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When your child goes away to college, there are a lot of changes you’ll be facing. Some of these changes are good—like the fact that your refrigerator will stay stocked longer and the amount of laundry you do will be greatly reduced. But some of the changes are scary and may require some preparation on your end. Among these changes is the need to either newly insure your child or change their insurance information to their new residency information. Each of these options comes with their own set of responsibilities, but don’t get too overwhelmed, they’re actually pretty easy to handle. Here are five easy steps to get your child and their car insurance ready for their college years.

  1. Have heart to heart talk with student: During the talk, determine what financial responsibility he or she will have for accidents and other incidents that occur while he or she is away at school. Stress the importance of continuing to practice safe driving activities and to limit distractions such as cell phones, other passengers and MP3 players. If you are paying any portion of the auto insurance premium or car payment, make sure the student understands that you will no longer do so if they do not honor and respect their responsibilities as a safe driver.
  2. Learn who is held responsible: If your child makes an error in judgment while driving, there is no doubt that a resulting accident is their fault. But even though they are over the age of 18, some states will hold you liable for their actions because, as students, they are still considered dependents. Find out your state’s regulations and make sure to explain them to your son or daughter.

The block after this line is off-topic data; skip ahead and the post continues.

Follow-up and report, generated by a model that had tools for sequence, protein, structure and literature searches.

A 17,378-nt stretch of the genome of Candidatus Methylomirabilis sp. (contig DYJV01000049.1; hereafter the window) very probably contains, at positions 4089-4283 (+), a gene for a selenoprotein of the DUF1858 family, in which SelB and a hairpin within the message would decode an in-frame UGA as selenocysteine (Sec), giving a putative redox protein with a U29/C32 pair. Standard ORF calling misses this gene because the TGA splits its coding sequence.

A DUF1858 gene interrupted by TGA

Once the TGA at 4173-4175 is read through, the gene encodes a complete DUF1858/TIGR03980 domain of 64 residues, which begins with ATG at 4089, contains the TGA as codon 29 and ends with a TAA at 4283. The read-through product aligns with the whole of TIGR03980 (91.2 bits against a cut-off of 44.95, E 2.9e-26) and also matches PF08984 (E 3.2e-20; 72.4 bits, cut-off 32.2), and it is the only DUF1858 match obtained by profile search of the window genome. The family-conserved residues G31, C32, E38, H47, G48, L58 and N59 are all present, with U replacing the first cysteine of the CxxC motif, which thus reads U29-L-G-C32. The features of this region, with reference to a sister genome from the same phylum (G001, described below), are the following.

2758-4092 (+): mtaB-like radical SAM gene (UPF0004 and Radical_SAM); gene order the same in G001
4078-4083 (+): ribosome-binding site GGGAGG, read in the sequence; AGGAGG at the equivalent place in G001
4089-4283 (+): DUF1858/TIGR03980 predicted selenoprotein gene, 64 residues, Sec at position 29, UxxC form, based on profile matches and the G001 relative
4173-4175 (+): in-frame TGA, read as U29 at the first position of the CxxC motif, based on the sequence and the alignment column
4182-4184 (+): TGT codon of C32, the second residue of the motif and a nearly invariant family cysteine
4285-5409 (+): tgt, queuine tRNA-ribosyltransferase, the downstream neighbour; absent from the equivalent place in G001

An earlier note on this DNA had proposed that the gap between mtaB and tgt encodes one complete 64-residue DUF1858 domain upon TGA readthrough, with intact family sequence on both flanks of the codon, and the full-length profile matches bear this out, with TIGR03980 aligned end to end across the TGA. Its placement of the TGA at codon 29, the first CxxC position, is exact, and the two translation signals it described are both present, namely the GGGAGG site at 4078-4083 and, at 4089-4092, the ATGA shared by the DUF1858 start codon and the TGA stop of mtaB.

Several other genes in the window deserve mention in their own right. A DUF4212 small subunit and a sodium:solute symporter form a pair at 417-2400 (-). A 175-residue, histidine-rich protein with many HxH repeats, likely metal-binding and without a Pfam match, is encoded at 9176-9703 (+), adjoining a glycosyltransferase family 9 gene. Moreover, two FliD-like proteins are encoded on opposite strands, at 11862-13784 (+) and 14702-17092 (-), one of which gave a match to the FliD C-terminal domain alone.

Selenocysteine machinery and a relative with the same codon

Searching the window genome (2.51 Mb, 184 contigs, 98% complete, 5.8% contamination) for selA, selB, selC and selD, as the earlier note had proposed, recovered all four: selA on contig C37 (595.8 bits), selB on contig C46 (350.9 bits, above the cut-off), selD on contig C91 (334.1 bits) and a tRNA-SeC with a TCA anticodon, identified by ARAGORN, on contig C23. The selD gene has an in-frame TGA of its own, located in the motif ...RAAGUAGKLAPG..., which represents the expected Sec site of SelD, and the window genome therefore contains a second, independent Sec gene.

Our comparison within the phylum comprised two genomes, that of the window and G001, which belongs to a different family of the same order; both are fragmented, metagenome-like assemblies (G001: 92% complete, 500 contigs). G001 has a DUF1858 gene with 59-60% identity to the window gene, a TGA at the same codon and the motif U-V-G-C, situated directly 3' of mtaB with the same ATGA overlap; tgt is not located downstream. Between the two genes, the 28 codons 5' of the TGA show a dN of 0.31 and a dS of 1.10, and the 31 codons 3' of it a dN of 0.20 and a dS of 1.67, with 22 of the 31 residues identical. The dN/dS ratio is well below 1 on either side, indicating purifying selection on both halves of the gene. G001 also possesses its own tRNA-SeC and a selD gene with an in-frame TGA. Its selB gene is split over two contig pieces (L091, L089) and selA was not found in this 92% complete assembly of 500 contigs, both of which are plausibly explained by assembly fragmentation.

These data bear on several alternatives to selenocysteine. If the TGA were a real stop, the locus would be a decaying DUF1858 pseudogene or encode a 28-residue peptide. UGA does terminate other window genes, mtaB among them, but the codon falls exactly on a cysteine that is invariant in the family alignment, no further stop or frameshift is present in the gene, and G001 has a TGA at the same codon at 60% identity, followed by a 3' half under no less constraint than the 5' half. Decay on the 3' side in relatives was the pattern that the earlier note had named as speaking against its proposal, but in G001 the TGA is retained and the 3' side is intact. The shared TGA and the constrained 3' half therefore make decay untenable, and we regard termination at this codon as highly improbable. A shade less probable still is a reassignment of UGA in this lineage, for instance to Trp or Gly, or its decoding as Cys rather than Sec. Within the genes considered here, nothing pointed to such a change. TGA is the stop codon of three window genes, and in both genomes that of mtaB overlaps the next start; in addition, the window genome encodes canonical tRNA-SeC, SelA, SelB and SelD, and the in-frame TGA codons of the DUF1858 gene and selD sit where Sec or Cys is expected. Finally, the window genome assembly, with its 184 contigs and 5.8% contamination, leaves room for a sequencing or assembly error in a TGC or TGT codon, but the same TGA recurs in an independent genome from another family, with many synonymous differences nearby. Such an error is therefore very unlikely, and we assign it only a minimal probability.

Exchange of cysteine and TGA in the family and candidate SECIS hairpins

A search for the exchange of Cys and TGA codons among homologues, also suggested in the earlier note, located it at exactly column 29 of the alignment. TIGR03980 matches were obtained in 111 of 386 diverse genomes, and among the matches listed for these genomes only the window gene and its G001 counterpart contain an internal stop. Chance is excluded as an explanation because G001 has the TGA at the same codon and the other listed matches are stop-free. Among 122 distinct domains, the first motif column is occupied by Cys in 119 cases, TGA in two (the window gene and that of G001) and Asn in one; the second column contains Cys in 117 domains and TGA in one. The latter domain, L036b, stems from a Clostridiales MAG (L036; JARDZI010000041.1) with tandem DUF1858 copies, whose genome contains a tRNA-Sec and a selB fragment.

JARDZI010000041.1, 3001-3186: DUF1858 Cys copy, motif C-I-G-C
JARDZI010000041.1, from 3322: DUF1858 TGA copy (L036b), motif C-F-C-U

3. Decide whether to include the driver on your policy: If you haven’t already, you might want to consider adding the student to your policy instead of having them buy their own.  In many states, however, even though the child is over the age of 18, they are still your dependent when a full-time student and you still may be financially responsible for them.  Therefore, it would be a wise idea to keep your college-bound child on your policy.
  4. Notify insurance company that vehicle is stored at different location: If you already have coverage for the car your college-bound son or daughter will be driving, make sure the insurance company understands that the vehicle will be at a new location since that may affect the premium. 
  5. Consider the new risks and update coverage accordingly: If your son or daughter will be living in a college town they may be exposed to more risk as they are surrounded by inexperienced drivers and many distractions. Consider lowering deductibles and raising limits in order to compensate for this.

If your child will be living away from home, you should also contact Copeland Agency about personal property coverage to insure their laptop, clothing, and more. 

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